Agrippa Menenius Lanatus (consul 503 BC)

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Agrippa Menenius Lanatus
Consul of the Roman Republic
Reign 503 BC
Died 493 BC

Agrippa Menenius Lanatus (died 493 BC), sometimes called Menenius Agrippa, was a consul of the Roman Republic in 503 BC, with Publius Postumius Tubertus. He was victorious over the Sabines and was awarded a triumph which he celebrated on 4 April, 503 BC. According to Livy, he also led Roman troops against the Latin town of Pometia.[1][2][3]

According to Livy, writing five hundred years after the fact, Menenius was chosen by the patricians during the secession of the plebs in 494 BC to persuade the plebs to end their secession. Livy says that Menenius told the soldiers a fable about the parts of the human body and how each has its own purpose in the greater function of the body. The rest of the body thought the stomach was getting a free ride so the body decided to stop nourishing the stomach. Soon, the other parts became fatigued and unable to function so they realized that the stomach did serve a purpose and they were nothing without it. In the story, the stomach represents the patrician class and the other body parts represent the plebs. Eventually, Livy says, an accord was reached between the patricians and the plebs, which included creating the office of tribune of the plebs.[4]

It is not improbable that St Paul, an educated Roman citizen, knew this story (not necessarily through Livy) and was prompted by it[citation needed] in his use of the same parable when he admonished the Christians of Corinth that, for all their "diversity of gifts", they were all members of one body (I Cor. 12: 13 ff). However, the imagery was not new, even for Livy. It appears in Xenophon's Memorabilia (2.iii.18) and in Cicero's De Officiis (III.v.22).

One puzzle about Menenius concerns his social status: Was he patrician or plebeian? Livy asserts that he was "an eloquent man and dear to the plebeians as being one of themselves by birth." On the other hand, he was sent to the plebs as a representative of the Senate, and furthermore he had held the office of consul. The consulship, according to the traditional historiography, was at this time reserved strictly for patricians. Ancient accounts of early Roman history are compromised by uneven use of sources, the author's bias toward either senatorial or popular interests, and sheer uncertainty. The existence of the "plebeian" and "patrician" social division in the earliest period of Rome's history has been questioned by modern scholars.[5]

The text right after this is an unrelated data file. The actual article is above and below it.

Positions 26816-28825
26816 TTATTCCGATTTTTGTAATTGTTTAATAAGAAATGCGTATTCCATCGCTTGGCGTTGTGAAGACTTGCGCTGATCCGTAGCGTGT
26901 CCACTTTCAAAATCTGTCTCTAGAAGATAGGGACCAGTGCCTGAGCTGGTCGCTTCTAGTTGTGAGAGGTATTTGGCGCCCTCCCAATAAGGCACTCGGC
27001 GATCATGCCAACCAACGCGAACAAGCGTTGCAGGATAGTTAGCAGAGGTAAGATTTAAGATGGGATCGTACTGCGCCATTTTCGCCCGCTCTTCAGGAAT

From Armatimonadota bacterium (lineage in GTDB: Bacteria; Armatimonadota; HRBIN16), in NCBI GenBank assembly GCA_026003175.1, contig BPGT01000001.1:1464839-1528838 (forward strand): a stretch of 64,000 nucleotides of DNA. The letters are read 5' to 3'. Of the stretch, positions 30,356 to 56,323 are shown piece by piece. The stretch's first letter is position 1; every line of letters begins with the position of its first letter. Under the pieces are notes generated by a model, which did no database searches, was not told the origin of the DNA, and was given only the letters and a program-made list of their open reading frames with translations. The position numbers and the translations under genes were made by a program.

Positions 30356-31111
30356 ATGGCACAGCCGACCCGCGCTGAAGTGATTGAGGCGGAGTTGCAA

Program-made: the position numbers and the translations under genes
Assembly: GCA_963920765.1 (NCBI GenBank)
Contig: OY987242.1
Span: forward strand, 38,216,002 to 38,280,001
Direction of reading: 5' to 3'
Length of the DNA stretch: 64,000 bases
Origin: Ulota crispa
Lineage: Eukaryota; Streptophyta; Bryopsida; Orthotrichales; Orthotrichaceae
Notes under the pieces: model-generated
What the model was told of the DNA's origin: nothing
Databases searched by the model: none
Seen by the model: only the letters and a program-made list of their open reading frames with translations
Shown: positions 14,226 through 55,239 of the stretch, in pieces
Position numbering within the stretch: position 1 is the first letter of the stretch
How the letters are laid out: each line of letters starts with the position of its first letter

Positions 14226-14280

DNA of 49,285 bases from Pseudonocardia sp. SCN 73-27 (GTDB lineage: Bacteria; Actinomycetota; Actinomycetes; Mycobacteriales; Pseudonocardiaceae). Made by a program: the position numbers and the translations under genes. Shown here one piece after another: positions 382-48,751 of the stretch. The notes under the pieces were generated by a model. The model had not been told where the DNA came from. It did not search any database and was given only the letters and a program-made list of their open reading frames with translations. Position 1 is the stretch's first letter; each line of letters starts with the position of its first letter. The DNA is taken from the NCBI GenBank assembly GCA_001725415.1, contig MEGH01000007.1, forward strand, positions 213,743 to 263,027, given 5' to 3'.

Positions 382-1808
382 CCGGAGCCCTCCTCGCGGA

Whatever the state of affairs during the first six decades of the Republic, the Twelve Tables of Roman law drawn up in 451 and 450 B.C. established a clear distinction between the two orders. Several of Menenius' descendants held the consulship after this time, from which it has been inferred that the Menenii were probably made patricians during the reign of one of the later Roman kings.[6]

Menenius had a son who would become consul in 439 BC.[7]

Menenius was also a character in William Shakespeare's Coriolanus.

Menenius died in 493 BC. Livy records that during his life he had been beloved of both the senate and the plebs (particularly the latter since his involvement in ending their secession). As his estate lacked funds to pay for his funeral, the people contributed to his funeral expenses by way of a levy.[8]

See also[edit]

References[edit]

  1. ^ Livy, Ab Urbe condita II. 16, 32, 33.
  2. ^ Dictionary of Greek and Roman Biography and Mythology, William Smith, Editor.
  3. ^ Fasti Triumphales
  4. ^ Livy, Ab urbe condita, 2.33
  5. ^ Survey by A. Drummond, "Rome in the fifth century II," ch. 5, The Cambridge Ancient History, Vol. 7.2, The Rise of Rome.
  6. ^ Dictionary of Greek and Roman Biography and Mythology, William Smith, Editor.
  7. ^ Walbank, F. W., A. E. Astin, M. W. Frederiksen, and R. M. Ogilvie. The Cambridge Ancient History, Cambridge University Press 1990. ISBN 0-521-23446-8.
  8. ^ Livy, Ab urbe condita, 2.33
Political offices
Preceded by
Publius Valerius Publicola
Titus Lucretius Tricipitinus
Consul of the Roman Republic
503 BC
With: Publius Postumius Tubertus
Succeeded by
Opiter Verginius Tricostus
Spurius Cassius Viscellinus